The Front #shortstory #flashfiction

Maisie gasped for air and wondered why the young woman was in the mask. ‘Is it the doodlebug,’ she wondered but she was so tired and breathing hurt. She should ask. Maybe it was gas. Papa said they’d use gas. Panic made her struggle. The young woman leant in close.

Maisie thought about Papa. He’d say to keep calm. She’d do this for Papa.

‘Yes, Maisie?’ asked the young woman, briefly easing the covering from Maisie’s face.

‘Gas?’ Maisie managed. She needed to know; she’d have to tell Papa.

‘Yes, love. Oxygen. It’s a CPAP. Now, try and relax. We’ll be moving you soon.’

Maisie shut her eyes. Yes, she’d need her strength. Mama had gone to find Papa, when the doodlebug cut out. She’d need to be ready to help when Mama came home. Mama looked so tired and worried.

Senior nurse Yvonne Middleton blinked the sweat away. The young doctor looked as exhausted as Maisie. ‘You need some air, Fred?’

He managed a nod. ‘She’ll need ventilating. Another one.’

Yvonne felt for the youngster. Just out of med school; so much cannon fodder, she thought. ‘I’ll sort out, Maisie. You grab a drink.’

He shook his head and managed a wan smile. ‘Can’t leave the front line now.’

Maisie drifted back to consciousness. ‘Papa will be on the front line, Mama says. After this leave.’ The words formed in her head, though Maisie knew the young woman understood.

‘We’ll make you comfortable,’ Yvonne assured her.

That’s what Mr Benson had said. They’d made Papa comfortable. Mr Benson smelt of tobacco and soap. Poor man couldn’t fight, because of his leg. He never looked comfortable.

Fred Naylor watched Yvonne disappear through the secure doors and stretched his back. ‘It’s like a bloody war zone,’ he muttered. He glanced at Maisie who stared at him. ‘Don’t worry. It’ll soon be over.’

Maisie hadn’t understood when they’d said, ‘Papa’s gone.’ She’d asked Mama, ‘To the front?’ which made Mama cry.

‘What?’ Fred leant in close.

‘Front?’ Maisie managed.

‘Yes, the front line.’ Fred forced out a smile. Poor old thing, he thought. He checked her vitals. Her blood saturation was dropping and she’d be lucky to survive.

Maisie smiled. Papa was at the front. The young man had said. He hadn’t died, like they’d said. She’d see him soon.

As the alarms sounded, Fred swallowed the tears and called for help

About TanGental

My name is Geoff Le Pard. Once I was a lawyer; now I am a writer. I've published several books: a four book series following Harry Spittle as he grows from hapless student to hapless partner in a London law firm; four others in different genres; a book of poetry; four anthologies of short fiction; and a memoir of my mother. I have several more in the pipeline. I have been blogging regularly since 2014, on topic as diverse as: poetry based on famous poems; memories from my life; my garden; my dog; a whole variety of short fiction; my attempts at baking and food; travel and the consequent disasters; theatre, film and book reviews; and the occasional thought piece. Mostly it is whatever takes my fancy. I avoid politics, mostly, and religion, always. I don't mean to upset anyone but if I do, well, sorry and I suggest you go elsewhere. These are my thoughts and no one else is to blame. If you want to nab anything I post, please acknowledge where it came from.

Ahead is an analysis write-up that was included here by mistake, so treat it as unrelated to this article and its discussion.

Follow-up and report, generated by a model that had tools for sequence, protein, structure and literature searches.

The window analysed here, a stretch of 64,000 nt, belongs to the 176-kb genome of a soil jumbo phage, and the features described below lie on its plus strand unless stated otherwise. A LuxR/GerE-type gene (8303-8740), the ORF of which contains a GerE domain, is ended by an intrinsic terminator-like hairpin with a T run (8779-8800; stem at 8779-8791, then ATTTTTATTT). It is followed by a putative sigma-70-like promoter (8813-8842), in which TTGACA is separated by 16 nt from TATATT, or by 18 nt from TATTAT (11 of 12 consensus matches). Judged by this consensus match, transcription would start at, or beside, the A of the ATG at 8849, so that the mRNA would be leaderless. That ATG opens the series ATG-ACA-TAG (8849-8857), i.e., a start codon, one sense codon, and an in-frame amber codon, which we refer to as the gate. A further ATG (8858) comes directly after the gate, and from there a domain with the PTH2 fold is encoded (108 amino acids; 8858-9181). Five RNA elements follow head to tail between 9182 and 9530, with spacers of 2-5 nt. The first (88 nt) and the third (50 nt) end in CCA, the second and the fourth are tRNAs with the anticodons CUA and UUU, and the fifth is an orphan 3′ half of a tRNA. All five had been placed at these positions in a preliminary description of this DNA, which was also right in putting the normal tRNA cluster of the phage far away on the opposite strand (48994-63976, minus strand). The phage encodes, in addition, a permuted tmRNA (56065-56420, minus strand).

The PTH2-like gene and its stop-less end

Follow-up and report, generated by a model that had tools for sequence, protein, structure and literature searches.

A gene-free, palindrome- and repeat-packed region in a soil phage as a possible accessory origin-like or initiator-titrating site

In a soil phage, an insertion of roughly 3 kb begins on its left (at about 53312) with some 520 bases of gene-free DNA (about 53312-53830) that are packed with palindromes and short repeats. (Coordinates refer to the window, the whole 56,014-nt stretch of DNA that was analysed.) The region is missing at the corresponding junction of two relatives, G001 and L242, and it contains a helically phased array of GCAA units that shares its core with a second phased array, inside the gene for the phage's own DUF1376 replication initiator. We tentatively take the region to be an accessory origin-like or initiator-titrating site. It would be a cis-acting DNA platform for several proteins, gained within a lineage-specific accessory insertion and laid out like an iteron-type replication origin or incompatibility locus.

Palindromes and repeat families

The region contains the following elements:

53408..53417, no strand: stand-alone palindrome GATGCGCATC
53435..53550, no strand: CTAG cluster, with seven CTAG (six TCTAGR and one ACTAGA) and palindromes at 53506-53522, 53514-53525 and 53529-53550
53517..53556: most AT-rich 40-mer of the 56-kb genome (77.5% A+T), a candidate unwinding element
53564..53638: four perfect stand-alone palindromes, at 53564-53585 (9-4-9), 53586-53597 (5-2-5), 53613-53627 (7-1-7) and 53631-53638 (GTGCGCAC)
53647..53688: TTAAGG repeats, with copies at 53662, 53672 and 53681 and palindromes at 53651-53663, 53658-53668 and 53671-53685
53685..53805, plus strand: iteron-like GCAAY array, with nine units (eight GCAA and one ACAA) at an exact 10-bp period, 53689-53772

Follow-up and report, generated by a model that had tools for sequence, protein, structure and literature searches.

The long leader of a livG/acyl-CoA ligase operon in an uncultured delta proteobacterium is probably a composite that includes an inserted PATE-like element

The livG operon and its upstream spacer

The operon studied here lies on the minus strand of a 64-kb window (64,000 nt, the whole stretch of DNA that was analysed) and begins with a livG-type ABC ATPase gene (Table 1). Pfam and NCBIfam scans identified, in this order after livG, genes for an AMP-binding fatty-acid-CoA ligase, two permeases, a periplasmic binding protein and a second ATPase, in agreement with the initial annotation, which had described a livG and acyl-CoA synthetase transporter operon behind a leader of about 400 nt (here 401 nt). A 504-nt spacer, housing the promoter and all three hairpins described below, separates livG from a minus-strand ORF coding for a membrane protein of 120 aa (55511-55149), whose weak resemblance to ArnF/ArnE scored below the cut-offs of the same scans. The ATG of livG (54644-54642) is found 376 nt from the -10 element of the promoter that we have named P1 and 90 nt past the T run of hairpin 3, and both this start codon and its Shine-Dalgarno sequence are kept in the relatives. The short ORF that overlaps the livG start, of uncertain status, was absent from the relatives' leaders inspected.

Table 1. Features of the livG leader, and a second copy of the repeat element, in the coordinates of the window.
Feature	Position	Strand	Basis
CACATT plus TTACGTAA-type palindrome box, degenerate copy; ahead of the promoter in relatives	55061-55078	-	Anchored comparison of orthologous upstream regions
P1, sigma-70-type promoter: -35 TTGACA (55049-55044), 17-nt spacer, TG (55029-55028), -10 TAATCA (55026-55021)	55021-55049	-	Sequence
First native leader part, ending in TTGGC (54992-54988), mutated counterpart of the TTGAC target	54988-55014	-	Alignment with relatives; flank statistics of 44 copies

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16 Responses to The Front #shortstory #flashfiction

  1. Erika says:

    Oh, this really made me swallow a few times.

    Liked by 1 person

  2. Oh wow – an amazing story! So well done!!


  3. willowdot21 says:

    So sad Geoff and bang on MIL is still positive for Covid, but been moved out of acute care.. at 100 she will have a lot in common with Maisie.
    So hard to grasp this situation and how really hard the NHS is being pushed.
    Brilliantly written Geoff. 💜

    Liked by 1 person

  4. Perfect coalescence

    Liked by 1 person

  5. wow! incredible story! so applicable … Thank you

    Liked by 1 person

  6. Jennie says:

    Oh my goodness. What a heartfelt (and true) story.

    Liked by 1 person

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